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Legislative Assembly for the ACT: 2007 Week 7 Hansard (22 August) . . Page.. 1859..


MR STANHOPE (continuing):

You do not have to show a commitment to a system that you do not really have, anyway. But we decided to take the hard decisions, and it has not been much fun. It has not been much fun. But we did it, we are proud of it and we will deliver a legacy in the form of the excellence of public education in the ACT that, in the years and decades to come, will be acknowledged as being a direct result of the decisions that were taken last year.

For the first time in decades, we took decisions in relation to public education in the territory that no other government or minister would take. And we followed up those decisions and those actions with a massive, historic investment, to the tune of $320 million to date and counting, in ACT public education—including, of course, a commitment to upgrade all of our science labs. There is a commitment to do something which, on reflection, at one level is an indictment—to ensure that every high school in the ACT has a gymnasium. Imagine that: we were fostering a system that allowed government high schools in the territory to persist with not having a gymnasium. We have fixed the problems, we found the money, we have made the investment, and we will continue to do so.

The level of IT investment, networking and infrastructure are second to none in Australia and befitting of the sort of system that we aspire to deliver to the people of the ACT. Educational outcomes are the envy of the rest of Australia. But there is much more to be done, we are aware of that and we will continue to do it. We will do it for children that traditionally have struggled—children with a disability, and indigenous children. There are areas of underperformance but we are addressing them. We saw that most recently at Duffy primary school, with the opening of new, state-of-the-art services. The innovation and level of resourcing and investment that we are now making in special units in our schools have been applauded by everybody. They are the envy of Australia, and they are an investment that could only be made realistically as a result of the decisions that we took. We wanted to ensure that there was an efficient system that could be invested in with confidence to the levels that we have. (Time expired.)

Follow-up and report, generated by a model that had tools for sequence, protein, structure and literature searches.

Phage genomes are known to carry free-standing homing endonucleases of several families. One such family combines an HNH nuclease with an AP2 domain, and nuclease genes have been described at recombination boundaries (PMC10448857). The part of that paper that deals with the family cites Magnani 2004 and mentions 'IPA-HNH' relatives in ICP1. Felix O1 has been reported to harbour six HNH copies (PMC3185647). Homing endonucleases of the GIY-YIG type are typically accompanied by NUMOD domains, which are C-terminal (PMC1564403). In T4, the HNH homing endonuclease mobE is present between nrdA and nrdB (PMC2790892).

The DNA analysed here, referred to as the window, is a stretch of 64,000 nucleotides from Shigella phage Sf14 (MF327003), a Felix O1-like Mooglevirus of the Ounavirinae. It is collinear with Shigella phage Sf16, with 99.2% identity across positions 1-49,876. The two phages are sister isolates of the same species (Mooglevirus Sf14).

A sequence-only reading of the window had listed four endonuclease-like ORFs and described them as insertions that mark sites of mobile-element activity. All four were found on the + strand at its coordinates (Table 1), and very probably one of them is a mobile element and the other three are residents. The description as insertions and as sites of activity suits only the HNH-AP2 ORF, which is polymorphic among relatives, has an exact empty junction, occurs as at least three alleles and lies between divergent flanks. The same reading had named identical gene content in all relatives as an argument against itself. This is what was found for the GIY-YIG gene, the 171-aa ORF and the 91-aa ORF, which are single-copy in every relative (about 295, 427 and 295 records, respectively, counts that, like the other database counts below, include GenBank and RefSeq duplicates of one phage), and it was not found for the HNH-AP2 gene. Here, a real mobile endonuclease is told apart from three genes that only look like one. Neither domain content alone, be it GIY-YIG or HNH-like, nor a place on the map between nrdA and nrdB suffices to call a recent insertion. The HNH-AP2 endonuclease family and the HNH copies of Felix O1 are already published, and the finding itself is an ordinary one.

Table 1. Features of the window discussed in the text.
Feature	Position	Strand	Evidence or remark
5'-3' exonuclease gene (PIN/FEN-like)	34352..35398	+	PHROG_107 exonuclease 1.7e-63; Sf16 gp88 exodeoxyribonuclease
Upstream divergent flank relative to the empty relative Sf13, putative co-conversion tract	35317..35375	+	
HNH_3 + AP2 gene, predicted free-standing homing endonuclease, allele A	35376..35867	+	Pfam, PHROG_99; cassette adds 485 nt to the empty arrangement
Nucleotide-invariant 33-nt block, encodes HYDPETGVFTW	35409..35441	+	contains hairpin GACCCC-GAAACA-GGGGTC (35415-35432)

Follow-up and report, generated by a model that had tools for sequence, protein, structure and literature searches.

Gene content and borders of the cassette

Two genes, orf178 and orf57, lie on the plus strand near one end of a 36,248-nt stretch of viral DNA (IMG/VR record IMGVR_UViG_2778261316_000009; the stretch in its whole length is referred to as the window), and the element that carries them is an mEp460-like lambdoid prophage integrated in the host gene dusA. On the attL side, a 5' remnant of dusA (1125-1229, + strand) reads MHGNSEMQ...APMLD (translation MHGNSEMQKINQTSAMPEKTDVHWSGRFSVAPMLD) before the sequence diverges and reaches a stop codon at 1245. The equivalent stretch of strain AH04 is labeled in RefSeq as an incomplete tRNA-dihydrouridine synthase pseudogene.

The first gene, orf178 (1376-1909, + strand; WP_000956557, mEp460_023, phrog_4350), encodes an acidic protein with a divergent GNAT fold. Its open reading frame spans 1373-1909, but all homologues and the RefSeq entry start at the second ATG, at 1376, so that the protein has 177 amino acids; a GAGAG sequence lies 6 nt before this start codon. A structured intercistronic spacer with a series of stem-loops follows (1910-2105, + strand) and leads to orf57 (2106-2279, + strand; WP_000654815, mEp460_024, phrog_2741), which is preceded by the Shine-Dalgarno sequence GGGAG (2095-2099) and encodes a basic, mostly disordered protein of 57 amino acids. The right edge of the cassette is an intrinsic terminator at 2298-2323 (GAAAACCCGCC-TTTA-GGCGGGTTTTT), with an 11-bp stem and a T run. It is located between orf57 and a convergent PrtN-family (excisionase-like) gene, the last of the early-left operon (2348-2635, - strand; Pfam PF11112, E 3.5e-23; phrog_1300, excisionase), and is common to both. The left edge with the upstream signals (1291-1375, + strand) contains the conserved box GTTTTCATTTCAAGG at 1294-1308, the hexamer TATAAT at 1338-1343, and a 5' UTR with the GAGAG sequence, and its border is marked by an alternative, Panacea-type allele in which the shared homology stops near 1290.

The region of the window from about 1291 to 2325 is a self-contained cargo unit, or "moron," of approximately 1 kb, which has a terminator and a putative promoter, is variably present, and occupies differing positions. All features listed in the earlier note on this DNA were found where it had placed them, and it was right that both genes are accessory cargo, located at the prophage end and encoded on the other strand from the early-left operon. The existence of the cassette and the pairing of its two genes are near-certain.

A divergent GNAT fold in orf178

Housing—rents

MR SMYTH: My question is to the Chief Minister. Chief Minister, a significant outcome from your government's approach to "squeeze investors until they bleed but not until they die,"is a shortage of rental properties. According to the latest information provided on rents for the March quarter 2007, Canberra has the highest median weekly rent of all capital cities—at $354 for a three-bedroom house. Chief Minister, why are private sector rents higher in Canberra than they are in any other capital city?

MR STANHOPE: We certainly do have high rents at the moment. Similarly, over the last year or more the housing market in the ACT has exhibited the strongest growth in price. Indeed, we have the strongest housing market in finance approvals within Australia. To some extent the ACT is beating the nation on issues such as housing finance commitments and residential start-ups. I do not have the full list of numbers in front of me, but they are very significant and something for which we can be particularly grateful.


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